PRESS RELEASE28 Nov 2011
Royal seal of approval for pioneering new cooperageDownload file
£10million Cambus Cooperage brings ancient craft into 21st Century
His Royal Highness, The Earl of Wessex, officially opened the first new cooperage to be built in Scotland for decades, which uniquely blends craft and innovation to transform the centuries-old trade.
The new Diageo Cambus Cooperage near Alloa has been custom designed in close co-operation with the company’s coopers, drawing on generations of skill, craft and experience and combining it with the state-of-the-art British engineering - never before used in a cooperage - to dramatically improve the working lives of the coopers.
HRH toured the new cooperage and met the men whose jobs it is to craft around 250,000 casks each year - all of which will be used to mature Scotch whisky for Diageo’s world leading brands, such as Johnnie Walker, Bell’s and J&B Rare.
As well as meeting a range of time-served coopers, including some with decades of experience in the trade, HRH met with a Diageo’s apprentice coopers who are now able to hone their skills in a custom-built coopering school within the new cooperage.
HRH, The Earl of Wessex, has a long-standing interest in coopering and is an Honorary Member of the Incorporation of Coopers. He has shown particularly strong support for coopering apprentices and has even lent his name to the Incorporation’s annual Earl of Wessex Awards for Cooperage.
HRH was joined on the tour of Cambus by the Lord Lieutenant of Clackmannanshire, the Rt Hon George Reid, who also has strong links to the industry, with his great-grandfather serving a coopering apprenticeship at Glenochil Distillery in Menstrie where he remained all his working life.
Tom Duncan, a manager at Cambus was one of the team tasked with leading the new cooperage project and he guided HRH and the Lord Lieutenant on the tour.
He said: “It is a great honour for everyone at Cambus to have The Earl of Wessex officially open the cooperage, particularly as he has been such a strong supporter of our industry over the years.”
He also explained the ethos behind the cooperage: “It’s not often you get to start with a blank sheet of paper and design something like this from scratch. We worked closely with our coopers to maximise the craft skills which are the core of the job, while using smart technology to minimise the bending and heavy-lifting involved. It’s that blend of craft and innovation which makes this different from any cooperage I’ve ever seen.”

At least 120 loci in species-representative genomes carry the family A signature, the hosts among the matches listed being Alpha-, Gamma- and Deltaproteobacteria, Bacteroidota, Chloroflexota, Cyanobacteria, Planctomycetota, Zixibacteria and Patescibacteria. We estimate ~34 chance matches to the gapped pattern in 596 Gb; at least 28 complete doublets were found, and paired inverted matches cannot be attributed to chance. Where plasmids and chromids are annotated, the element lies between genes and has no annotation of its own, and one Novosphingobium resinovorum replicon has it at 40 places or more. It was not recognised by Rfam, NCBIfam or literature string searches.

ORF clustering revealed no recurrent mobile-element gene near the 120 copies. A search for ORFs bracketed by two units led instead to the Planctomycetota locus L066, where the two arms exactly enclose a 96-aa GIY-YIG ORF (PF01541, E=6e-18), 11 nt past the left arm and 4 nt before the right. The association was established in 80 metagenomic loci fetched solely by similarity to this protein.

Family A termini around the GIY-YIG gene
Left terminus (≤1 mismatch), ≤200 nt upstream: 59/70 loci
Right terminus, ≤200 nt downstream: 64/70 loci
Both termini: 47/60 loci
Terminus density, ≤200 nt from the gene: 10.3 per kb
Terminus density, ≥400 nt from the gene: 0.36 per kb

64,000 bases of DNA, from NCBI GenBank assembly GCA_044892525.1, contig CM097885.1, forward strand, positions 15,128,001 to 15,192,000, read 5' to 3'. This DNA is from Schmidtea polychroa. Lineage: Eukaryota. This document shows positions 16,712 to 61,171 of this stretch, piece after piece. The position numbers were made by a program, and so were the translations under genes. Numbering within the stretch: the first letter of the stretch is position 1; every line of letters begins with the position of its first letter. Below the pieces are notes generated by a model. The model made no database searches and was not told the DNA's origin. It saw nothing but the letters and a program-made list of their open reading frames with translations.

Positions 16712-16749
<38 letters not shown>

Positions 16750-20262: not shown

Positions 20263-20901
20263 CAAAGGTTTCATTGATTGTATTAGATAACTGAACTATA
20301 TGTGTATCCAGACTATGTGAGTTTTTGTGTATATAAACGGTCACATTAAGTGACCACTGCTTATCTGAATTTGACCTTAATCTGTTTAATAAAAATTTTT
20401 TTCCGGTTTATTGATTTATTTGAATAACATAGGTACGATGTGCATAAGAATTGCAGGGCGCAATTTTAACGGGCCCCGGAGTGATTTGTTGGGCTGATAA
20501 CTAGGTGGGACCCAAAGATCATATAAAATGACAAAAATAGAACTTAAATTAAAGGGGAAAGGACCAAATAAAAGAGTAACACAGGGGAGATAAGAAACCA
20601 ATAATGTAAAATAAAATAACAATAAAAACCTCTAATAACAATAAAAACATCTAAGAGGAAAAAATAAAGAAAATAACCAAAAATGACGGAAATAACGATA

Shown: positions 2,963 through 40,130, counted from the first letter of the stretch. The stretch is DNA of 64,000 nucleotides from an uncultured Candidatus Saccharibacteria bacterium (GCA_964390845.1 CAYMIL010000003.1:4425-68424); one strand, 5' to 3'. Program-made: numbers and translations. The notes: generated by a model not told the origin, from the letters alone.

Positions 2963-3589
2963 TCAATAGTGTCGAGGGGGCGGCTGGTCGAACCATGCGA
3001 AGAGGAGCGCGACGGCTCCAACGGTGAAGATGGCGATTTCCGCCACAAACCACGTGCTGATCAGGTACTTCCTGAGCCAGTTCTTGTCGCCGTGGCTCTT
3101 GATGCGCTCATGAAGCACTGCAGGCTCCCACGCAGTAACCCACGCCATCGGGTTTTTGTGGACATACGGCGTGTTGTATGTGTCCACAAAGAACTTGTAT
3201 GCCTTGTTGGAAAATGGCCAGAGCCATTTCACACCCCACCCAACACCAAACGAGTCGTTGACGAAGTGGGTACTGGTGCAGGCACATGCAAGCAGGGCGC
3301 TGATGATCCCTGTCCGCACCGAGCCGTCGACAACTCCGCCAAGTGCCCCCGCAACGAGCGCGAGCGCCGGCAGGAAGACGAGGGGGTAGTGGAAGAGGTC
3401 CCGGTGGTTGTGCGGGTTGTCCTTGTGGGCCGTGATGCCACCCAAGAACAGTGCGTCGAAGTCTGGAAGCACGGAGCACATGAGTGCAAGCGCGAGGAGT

To achieve this, the Diageo team turned to Leicester-based engineering firm CI Logistics, which works primarily in the automotive industry, and together they custom-designed a series of mechanical conveyors to move the casks – which weigh up to 85kg when empty - around the cooperage between the hand-craft elements of the process. The result is the world’s most innovative cooperage.
Calum Bruce, 51, one of Diageo’s longest serving coopers with 35-years service, having started in the trade at age 16, explained the difference the new ways of working had made to the coopers.
He said: “A lot has changed over the last 35 years, but the basic skills have stayed the same. But Cambus is something different altogether. We still use the same skills to do the same job, but the difference is the machines now do a lot of the heavy lifting so we don’t have to spend time and effort on hard labour and we can focus on the skilled part of the job. That is what has really transformed the way we work.”
Brian Law, one of eight apprentices currently learning their trade on Diageo’s four-year apprentice scheme, also welcomed the investment the company has made in the future of the trade. He said: “It is a really exciting time to be learning my trade as a cooper. At Cambus, Diageo has an investment in the future of coopering and that’s also an investment in the futures of all the guys who work here.”
Richard Bedford, Diageo’s grain distilling director, who was responsible for the Cambus Cooperage project, said the increase in demand for Diageo’s world-leading Scotch whisky brands meant the new cooperage was a key part of the company’s overall investment programme for growing its production capacity in Scotland.
He said: “The demand for Scotch whisky is growing around the world, particularly in the emerging markets of Asia and Latin America. To meet that increasing demand Diageo is investing in growing Scotch whisky production capacity across Scotland. That means we need more casks than ever before, so the new Cambus Cooperage is a key part of the future success of our Scotch whisky brands.”